What's your writing weather? by Deborah Jenkins

 


There have been several posts recently mentioning the weather, maybe because it's so unJulyish. New word. Just invented it. These, by Ruth Leigh and Philippa Linton inspired me.

I'm continuing this theme and, after some difficult days, am doing a silly post to cheer myself up. Please forgive me...

So, my question is, what's your writing weather? Take my handy quiz to find out.

1. The sun is out, the sky is blue, there's not a cloud to spoil the view. Do you: -

a) Go outside where, high on endorphins and an over-zealous application of Nivea-Sun, you bang out a few thousand words, filled with hot-weather similes - The sky was as blue as a blue thing and similar. Edit heavily later, due to problems actually seeing the screen

b) Close the curtains and put a fan on. Spend ages picking up random papers blown around the room. Change the settings to try and maximise cool air AND a stationary environment. Give up. Write a few hundred words, surrounded by mayhem, but feel pleased with the results

c) Go to the coolest room. Doze off. After a dream, running a writers' day with Gareth Southgate, shower to wake up. Have so many ideas, you keep hopping out to write them down. Use what you can from your waterlogged notes to plan your entire project. Celebrate by watering the pots with your new hose attachment

d) Feel too hot to do anything except spread yourself thinly somewhere. Lie on the sofa, quaffing iced drinks which anesthetise your throat and fog up your glasses. Use Google Voice to research your novel, planning to really go for it when the sun goes in

e) Write a bit, eat a lot, indulge in avoidance tactics such as cleaning the grouting around the kitchen tiles, i.e. It's a normal writing day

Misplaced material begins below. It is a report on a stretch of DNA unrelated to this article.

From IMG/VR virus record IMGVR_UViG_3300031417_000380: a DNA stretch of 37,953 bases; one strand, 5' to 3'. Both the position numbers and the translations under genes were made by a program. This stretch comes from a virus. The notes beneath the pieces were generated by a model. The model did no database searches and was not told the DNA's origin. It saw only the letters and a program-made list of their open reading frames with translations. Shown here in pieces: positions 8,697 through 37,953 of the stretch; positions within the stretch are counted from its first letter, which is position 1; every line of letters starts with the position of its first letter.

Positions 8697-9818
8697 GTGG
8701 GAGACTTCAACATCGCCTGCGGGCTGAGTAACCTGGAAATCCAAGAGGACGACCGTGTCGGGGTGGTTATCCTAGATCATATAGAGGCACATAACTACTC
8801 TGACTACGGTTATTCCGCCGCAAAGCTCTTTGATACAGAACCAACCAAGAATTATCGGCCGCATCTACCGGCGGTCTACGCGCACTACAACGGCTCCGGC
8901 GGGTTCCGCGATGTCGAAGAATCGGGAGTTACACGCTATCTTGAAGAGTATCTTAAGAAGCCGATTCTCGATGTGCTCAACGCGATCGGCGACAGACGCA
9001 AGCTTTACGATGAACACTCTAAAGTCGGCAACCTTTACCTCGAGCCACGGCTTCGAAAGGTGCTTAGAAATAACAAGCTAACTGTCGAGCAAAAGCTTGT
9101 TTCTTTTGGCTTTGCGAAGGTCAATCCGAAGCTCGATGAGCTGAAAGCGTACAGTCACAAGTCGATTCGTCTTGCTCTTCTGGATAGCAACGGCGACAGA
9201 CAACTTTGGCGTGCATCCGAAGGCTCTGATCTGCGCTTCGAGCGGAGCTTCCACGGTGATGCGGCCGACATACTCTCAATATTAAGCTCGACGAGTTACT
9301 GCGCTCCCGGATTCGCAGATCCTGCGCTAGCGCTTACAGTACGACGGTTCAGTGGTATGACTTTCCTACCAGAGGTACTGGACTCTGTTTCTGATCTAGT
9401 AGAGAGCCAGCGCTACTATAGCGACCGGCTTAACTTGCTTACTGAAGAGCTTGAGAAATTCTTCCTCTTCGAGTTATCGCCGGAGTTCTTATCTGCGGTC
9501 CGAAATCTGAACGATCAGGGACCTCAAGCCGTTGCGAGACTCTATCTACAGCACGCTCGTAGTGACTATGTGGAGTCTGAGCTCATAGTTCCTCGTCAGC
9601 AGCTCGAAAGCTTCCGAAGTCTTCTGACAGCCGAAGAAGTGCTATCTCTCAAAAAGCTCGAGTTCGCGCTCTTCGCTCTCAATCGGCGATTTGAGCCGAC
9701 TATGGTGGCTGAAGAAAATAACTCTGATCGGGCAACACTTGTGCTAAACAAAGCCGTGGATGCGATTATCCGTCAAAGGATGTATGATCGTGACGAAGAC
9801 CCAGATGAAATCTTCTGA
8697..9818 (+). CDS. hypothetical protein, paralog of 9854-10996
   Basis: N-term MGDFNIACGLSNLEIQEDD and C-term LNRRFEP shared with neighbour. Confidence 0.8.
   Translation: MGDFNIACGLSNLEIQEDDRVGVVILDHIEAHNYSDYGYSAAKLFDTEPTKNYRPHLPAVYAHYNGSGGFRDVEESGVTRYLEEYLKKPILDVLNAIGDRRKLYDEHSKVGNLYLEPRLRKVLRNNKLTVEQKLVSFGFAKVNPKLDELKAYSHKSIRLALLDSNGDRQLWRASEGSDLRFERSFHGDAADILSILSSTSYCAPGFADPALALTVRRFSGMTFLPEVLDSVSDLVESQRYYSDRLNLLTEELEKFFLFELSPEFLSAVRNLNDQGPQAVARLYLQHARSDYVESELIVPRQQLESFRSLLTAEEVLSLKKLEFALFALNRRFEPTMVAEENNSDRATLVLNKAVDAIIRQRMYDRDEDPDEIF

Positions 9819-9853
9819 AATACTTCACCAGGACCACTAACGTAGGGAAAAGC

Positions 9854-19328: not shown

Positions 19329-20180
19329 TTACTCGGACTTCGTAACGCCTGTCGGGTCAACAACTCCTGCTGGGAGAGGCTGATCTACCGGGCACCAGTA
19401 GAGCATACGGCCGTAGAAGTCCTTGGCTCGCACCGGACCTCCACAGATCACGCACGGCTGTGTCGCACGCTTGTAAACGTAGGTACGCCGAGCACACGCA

3. It's windy weather with sun and cloud. Do you:-

a) Close your laptop and go for a walk. With sun on your face and wind in your hair, start mumbling brilliance for your book. Repeat it aloud to remember for later, without worrying about passers-by. They'll think you're on your mobile

b) Take a 'weeding-break' and, waved at by a neighbour you've been trying to befriend, do a fist-pump, the way your son does. Break your glasses. Determine to continue, pulling up as many plants as weeds, but devise a plot twist involving a neighbour and a pair of garden shears

c) Gleefully write a scene in which your protagonist breaks down in a thunderstorm at the dead of night. You're about to strike him by lightening but your partner walks in with flowers and you change your mind. Send a friend instead

d) Write a bit, eat a lot, indulge in avoidance tactics such as watching Wimbledon or googling How to write a best-selling novel, i.e. It's a normal writing day

e) Walk around the house, trying out lines and looking for patches of sunshine. When you find one, you curl up, like a cat, and a title for your book hits you. You sleep.

3) You drive to the beach for a walk with your Significant Other just as a sea fog rolls in. Do you:-

a) Turn round and go home where there's heat, hot chocolate and a scene you suddenly need to write, in the Bahamas

b) Get dreamily inspired by the gloom and ponder various words which float in and out of  your mind: dank, dreich, mizzled. Steaming gratefully in a cafe, write them down on the back of a Millets receipt